NCPA - National Center for Policy Analysis

Recent Rise In Health Coverage Due To Return of Jobs With Benefits

September 12, 2016

Senior Fellow John R. Graham writes at NCPA's Health Blog (A version of this Health Alert was published by Forbes.)

The best measurement of people who lack health insurance, the National Health Interview Survey published by the Centers for Disease Control and Prevention (CDC), has released early estimates of health insurance for all fifty states and the District of Columbia in the first quarter of 2016. There are three things to note.

First: 70.2 percent of residents, age 18 to through 64, had "private health insurance" (at the time of the interview) in the first quarter of this year, which is which is the same rate as persisted until 2006. Obamacare has not achieved a breakthrough in coverage. It has just restored us to where we were a decade ago. Further, the contribution of Obamacare's exchanges to this is almost trivial, covering only four million people.

What has really happened is a restoration of employer-based benefits as we have slowly clawed our way out of recession: 61.2 million people had non-exchange private insurance in Q1 2010. This included both employer-based benefits and the pre-Obamacare market for individual health insurance. By Q1 2016, this had increased to 66 million. Because most in the pre-Obamacare individual market have shifted into Obamacare exchange coverage, the increase in employer-based coverage will have been close to eight or nine million.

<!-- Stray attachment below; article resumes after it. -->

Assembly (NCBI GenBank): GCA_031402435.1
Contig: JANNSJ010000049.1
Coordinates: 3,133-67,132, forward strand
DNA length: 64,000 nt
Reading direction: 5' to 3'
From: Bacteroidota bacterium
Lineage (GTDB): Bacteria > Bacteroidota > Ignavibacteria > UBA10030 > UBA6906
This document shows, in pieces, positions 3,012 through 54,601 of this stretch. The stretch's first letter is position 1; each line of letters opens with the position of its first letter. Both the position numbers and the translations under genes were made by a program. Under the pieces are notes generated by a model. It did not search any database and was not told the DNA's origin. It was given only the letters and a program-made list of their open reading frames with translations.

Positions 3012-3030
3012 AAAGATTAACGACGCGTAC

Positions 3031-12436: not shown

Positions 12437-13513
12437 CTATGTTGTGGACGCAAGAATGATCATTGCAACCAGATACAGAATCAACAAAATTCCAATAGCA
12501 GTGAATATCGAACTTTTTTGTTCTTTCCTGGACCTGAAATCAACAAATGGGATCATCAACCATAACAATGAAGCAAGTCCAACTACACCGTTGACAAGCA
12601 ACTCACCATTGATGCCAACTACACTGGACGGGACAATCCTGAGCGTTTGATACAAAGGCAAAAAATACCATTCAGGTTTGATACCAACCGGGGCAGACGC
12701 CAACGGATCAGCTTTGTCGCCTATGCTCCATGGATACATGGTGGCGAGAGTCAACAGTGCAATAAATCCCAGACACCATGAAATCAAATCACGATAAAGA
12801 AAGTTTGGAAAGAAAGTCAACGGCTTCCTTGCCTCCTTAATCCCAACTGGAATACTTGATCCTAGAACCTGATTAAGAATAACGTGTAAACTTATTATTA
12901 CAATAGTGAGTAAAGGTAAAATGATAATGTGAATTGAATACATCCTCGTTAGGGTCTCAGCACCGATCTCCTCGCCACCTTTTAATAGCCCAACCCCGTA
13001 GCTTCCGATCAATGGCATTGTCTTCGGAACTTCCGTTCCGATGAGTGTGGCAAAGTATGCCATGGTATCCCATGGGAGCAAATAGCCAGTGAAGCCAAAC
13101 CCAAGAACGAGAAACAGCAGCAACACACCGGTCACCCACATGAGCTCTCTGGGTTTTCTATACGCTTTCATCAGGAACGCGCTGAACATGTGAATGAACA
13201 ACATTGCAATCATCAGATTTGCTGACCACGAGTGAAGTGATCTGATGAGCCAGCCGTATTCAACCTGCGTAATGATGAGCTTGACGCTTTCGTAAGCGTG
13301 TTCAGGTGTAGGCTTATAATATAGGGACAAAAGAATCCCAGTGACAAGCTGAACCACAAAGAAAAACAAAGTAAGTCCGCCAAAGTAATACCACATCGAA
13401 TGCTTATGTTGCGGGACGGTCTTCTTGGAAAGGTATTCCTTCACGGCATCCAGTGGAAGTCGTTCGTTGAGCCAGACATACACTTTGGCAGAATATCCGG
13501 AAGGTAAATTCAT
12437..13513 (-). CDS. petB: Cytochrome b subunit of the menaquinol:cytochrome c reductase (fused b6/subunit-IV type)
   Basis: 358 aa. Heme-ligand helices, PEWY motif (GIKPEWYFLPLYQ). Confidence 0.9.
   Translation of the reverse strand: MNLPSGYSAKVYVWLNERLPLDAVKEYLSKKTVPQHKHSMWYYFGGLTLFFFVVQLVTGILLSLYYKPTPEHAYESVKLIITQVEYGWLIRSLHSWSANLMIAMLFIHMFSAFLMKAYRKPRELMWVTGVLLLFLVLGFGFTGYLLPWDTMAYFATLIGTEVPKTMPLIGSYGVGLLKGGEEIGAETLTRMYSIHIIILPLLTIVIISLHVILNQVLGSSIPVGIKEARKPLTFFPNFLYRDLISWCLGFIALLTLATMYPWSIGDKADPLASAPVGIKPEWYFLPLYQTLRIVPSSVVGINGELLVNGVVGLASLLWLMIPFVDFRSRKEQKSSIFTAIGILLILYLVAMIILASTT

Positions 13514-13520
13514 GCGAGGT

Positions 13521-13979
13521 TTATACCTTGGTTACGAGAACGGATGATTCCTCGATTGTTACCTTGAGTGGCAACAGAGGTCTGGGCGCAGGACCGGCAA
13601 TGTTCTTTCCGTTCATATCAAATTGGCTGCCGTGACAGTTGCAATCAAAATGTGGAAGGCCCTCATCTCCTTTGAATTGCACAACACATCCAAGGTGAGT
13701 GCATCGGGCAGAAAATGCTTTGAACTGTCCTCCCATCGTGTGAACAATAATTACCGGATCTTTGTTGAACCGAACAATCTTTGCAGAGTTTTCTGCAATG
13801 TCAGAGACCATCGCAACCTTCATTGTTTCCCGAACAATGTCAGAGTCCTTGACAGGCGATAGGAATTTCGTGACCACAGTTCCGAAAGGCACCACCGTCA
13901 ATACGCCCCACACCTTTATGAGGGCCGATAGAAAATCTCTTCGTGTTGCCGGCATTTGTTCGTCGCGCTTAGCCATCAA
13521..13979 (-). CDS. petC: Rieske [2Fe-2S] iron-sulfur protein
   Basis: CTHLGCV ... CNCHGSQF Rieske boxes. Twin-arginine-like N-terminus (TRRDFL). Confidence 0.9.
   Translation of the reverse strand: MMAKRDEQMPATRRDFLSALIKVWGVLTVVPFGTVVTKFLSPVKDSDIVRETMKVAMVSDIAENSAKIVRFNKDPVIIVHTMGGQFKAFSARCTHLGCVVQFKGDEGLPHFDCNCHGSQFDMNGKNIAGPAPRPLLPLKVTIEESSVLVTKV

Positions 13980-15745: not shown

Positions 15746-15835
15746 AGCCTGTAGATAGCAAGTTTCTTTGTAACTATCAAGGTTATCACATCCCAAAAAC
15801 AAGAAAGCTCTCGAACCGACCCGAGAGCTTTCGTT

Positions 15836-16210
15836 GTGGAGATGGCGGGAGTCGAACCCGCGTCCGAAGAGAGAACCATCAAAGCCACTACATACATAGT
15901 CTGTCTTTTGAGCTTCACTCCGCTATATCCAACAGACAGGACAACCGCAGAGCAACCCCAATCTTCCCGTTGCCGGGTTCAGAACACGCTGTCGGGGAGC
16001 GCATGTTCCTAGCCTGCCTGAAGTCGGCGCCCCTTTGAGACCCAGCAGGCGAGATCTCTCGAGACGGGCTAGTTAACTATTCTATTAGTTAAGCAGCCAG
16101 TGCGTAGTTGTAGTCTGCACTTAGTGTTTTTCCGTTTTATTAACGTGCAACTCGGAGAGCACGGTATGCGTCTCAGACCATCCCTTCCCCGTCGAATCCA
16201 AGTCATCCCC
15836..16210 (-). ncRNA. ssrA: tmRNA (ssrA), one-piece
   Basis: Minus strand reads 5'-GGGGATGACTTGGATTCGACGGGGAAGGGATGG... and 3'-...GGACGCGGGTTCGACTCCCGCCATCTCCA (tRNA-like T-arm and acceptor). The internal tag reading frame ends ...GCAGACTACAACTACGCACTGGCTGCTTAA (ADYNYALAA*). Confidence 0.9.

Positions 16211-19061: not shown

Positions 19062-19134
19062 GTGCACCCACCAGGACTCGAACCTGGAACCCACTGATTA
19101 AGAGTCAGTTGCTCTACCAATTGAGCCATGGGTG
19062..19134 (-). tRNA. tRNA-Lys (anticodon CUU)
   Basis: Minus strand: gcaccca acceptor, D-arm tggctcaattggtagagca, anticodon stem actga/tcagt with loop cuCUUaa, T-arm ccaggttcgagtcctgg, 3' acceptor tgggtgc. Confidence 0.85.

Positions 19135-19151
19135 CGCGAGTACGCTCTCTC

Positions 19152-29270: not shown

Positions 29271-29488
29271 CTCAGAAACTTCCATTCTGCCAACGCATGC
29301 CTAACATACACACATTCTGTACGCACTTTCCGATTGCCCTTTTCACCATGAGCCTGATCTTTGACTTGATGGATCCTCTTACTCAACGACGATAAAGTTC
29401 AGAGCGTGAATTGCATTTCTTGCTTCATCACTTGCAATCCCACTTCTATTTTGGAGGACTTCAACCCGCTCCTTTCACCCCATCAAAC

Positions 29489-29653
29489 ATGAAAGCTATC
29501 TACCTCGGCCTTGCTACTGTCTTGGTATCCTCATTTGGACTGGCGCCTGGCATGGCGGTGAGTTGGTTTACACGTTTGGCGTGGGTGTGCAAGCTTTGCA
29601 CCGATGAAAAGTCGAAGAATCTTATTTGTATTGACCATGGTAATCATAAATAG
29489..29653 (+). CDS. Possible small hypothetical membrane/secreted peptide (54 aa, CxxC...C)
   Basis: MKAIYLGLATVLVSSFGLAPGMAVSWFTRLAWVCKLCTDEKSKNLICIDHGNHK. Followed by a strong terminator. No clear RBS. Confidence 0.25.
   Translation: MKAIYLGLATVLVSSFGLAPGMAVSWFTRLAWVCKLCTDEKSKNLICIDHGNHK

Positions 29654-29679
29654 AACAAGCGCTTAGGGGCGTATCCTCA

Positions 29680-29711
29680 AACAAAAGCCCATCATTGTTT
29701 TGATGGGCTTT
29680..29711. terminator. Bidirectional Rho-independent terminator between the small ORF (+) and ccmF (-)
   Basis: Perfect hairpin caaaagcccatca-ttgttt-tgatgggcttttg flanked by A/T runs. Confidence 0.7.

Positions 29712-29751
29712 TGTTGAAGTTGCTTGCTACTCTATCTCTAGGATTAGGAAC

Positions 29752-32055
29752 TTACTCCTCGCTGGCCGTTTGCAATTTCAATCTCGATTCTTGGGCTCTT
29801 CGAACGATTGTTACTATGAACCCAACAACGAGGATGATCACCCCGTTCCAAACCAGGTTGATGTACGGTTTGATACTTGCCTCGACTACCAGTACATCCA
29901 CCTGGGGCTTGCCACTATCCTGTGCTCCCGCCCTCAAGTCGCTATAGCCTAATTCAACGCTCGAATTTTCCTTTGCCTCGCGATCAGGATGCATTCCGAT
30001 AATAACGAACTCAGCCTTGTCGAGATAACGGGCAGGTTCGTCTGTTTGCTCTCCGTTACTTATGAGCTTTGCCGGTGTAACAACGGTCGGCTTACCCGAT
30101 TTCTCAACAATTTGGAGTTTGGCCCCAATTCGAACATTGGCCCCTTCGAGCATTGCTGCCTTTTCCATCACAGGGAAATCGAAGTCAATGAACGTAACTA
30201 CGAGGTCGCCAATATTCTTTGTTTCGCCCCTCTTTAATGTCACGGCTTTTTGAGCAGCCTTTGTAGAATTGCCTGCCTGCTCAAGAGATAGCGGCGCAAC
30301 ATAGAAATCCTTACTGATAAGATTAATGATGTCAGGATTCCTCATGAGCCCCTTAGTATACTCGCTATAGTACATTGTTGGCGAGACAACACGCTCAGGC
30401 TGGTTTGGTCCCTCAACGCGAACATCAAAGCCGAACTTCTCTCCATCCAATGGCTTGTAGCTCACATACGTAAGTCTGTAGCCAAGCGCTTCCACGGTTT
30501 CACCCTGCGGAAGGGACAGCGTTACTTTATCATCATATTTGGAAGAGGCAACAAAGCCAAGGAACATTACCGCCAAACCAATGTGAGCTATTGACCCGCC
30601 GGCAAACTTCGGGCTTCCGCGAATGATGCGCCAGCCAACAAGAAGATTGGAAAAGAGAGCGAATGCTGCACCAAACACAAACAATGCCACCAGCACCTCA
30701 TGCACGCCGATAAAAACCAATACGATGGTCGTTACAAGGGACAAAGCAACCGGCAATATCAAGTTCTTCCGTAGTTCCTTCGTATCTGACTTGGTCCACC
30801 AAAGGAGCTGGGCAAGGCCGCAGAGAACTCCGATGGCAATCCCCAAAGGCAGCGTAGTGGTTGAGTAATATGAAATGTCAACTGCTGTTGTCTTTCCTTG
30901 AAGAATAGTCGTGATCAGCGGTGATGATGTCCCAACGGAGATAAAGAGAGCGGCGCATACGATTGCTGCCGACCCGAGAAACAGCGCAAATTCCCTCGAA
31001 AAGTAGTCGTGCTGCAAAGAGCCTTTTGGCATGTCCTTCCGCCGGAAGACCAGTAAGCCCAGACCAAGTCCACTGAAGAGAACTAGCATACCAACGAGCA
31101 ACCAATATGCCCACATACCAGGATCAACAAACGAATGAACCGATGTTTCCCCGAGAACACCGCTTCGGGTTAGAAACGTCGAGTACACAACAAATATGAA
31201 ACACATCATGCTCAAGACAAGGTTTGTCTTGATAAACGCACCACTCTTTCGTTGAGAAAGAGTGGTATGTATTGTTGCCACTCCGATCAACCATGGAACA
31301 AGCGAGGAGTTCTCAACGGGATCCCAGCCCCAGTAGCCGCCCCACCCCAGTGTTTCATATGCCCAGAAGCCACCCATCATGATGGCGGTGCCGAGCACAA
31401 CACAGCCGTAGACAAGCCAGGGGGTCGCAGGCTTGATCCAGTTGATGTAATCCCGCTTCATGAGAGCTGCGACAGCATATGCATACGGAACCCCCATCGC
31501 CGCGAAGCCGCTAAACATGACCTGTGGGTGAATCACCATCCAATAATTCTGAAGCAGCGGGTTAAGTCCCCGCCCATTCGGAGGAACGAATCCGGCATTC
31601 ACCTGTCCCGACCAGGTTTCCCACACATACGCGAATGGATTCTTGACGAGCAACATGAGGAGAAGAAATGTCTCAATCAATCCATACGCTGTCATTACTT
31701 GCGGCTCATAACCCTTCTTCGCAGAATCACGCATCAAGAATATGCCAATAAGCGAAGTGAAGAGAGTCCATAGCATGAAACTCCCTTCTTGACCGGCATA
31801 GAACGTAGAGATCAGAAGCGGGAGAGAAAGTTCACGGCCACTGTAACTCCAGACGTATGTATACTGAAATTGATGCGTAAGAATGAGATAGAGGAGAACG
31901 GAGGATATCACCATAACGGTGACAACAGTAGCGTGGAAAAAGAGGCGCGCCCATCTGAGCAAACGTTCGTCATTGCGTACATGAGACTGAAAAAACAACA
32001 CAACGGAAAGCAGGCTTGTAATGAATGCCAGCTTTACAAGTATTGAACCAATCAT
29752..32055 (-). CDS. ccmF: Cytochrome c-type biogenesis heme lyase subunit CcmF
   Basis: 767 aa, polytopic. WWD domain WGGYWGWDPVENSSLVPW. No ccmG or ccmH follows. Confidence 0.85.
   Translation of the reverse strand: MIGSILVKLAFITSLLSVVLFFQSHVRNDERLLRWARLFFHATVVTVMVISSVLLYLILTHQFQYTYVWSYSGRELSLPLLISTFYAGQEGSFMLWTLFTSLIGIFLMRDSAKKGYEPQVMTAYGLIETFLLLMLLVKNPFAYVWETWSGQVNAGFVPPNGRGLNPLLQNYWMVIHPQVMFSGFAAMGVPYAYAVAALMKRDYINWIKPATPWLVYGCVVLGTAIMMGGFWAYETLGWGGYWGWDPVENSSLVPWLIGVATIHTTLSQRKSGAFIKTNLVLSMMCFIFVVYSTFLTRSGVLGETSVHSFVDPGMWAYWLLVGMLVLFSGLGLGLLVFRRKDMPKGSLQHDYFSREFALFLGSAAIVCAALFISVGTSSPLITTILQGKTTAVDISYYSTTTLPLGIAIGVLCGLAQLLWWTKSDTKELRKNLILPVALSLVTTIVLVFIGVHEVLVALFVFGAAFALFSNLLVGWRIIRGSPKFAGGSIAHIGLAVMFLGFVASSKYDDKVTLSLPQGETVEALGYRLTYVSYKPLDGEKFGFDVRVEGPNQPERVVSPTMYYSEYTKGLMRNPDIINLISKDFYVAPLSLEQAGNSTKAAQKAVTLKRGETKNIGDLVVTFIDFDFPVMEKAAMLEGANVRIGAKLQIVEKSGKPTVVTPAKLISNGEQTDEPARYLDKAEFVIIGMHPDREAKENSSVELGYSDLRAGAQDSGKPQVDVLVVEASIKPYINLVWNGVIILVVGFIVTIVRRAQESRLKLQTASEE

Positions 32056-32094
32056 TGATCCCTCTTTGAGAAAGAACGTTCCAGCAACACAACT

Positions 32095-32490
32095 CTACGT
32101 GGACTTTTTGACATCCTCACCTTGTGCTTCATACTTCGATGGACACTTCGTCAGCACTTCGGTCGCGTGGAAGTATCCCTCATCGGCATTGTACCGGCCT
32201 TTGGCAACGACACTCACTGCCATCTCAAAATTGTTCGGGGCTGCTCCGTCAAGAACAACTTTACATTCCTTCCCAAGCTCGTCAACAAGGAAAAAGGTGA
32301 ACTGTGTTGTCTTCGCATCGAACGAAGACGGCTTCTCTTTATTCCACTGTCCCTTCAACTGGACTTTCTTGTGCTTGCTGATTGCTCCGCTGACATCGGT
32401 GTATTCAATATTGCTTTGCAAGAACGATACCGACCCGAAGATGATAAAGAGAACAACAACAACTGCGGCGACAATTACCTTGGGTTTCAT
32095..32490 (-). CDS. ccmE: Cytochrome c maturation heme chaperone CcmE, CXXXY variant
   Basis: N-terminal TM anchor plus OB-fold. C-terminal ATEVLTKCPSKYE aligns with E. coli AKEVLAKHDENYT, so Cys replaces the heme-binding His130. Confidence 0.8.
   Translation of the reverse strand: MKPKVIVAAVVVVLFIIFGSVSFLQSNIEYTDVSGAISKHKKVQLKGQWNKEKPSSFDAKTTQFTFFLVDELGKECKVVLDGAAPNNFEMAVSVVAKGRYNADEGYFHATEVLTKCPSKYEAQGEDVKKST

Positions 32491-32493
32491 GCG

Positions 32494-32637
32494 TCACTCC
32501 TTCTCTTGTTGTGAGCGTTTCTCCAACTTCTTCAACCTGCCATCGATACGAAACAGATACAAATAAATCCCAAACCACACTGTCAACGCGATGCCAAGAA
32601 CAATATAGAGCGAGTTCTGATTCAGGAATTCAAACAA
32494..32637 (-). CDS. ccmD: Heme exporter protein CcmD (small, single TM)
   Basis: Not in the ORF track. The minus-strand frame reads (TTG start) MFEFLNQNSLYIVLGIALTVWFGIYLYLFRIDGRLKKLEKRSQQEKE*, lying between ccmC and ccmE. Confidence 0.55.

Second: There has been a significant change from private coverage to government welfare (primarily Medicaid). The shift has been about five percentage points since 2006, and ten percentage points since 1997. Critics of Obamacare who focus on its increasing the proportion of people dependent on Medicaid (a welfare program) ignore the great expansion of Medicaid dependency years before anyone had heard of Barack Obama.

Third: There is a significant discrepancy between the four million Obamacare beneficiaries estimated by the NHIS and estimates produced by the U.S. Department of Health & Human Services and the Congressional Budget Office, which estimate about 11 million Obamacare beneficiaries.

The most plausible explanation for the discrepancy is the NHIS' four million are those who have Obamacare exchange coverage at the time of the interview, whereas the other estimates likely estimate those who have Obamacare exchange coverage at any point in the year.

Obamacare policies are unpopular: Enrollment peaks in the third quarter and there is a significant drop off in the fourth quarter. People want jobs with benefits, not Obamacare, which has mostly served to fragment health coverage even more, rather than actually expand coverage.

 

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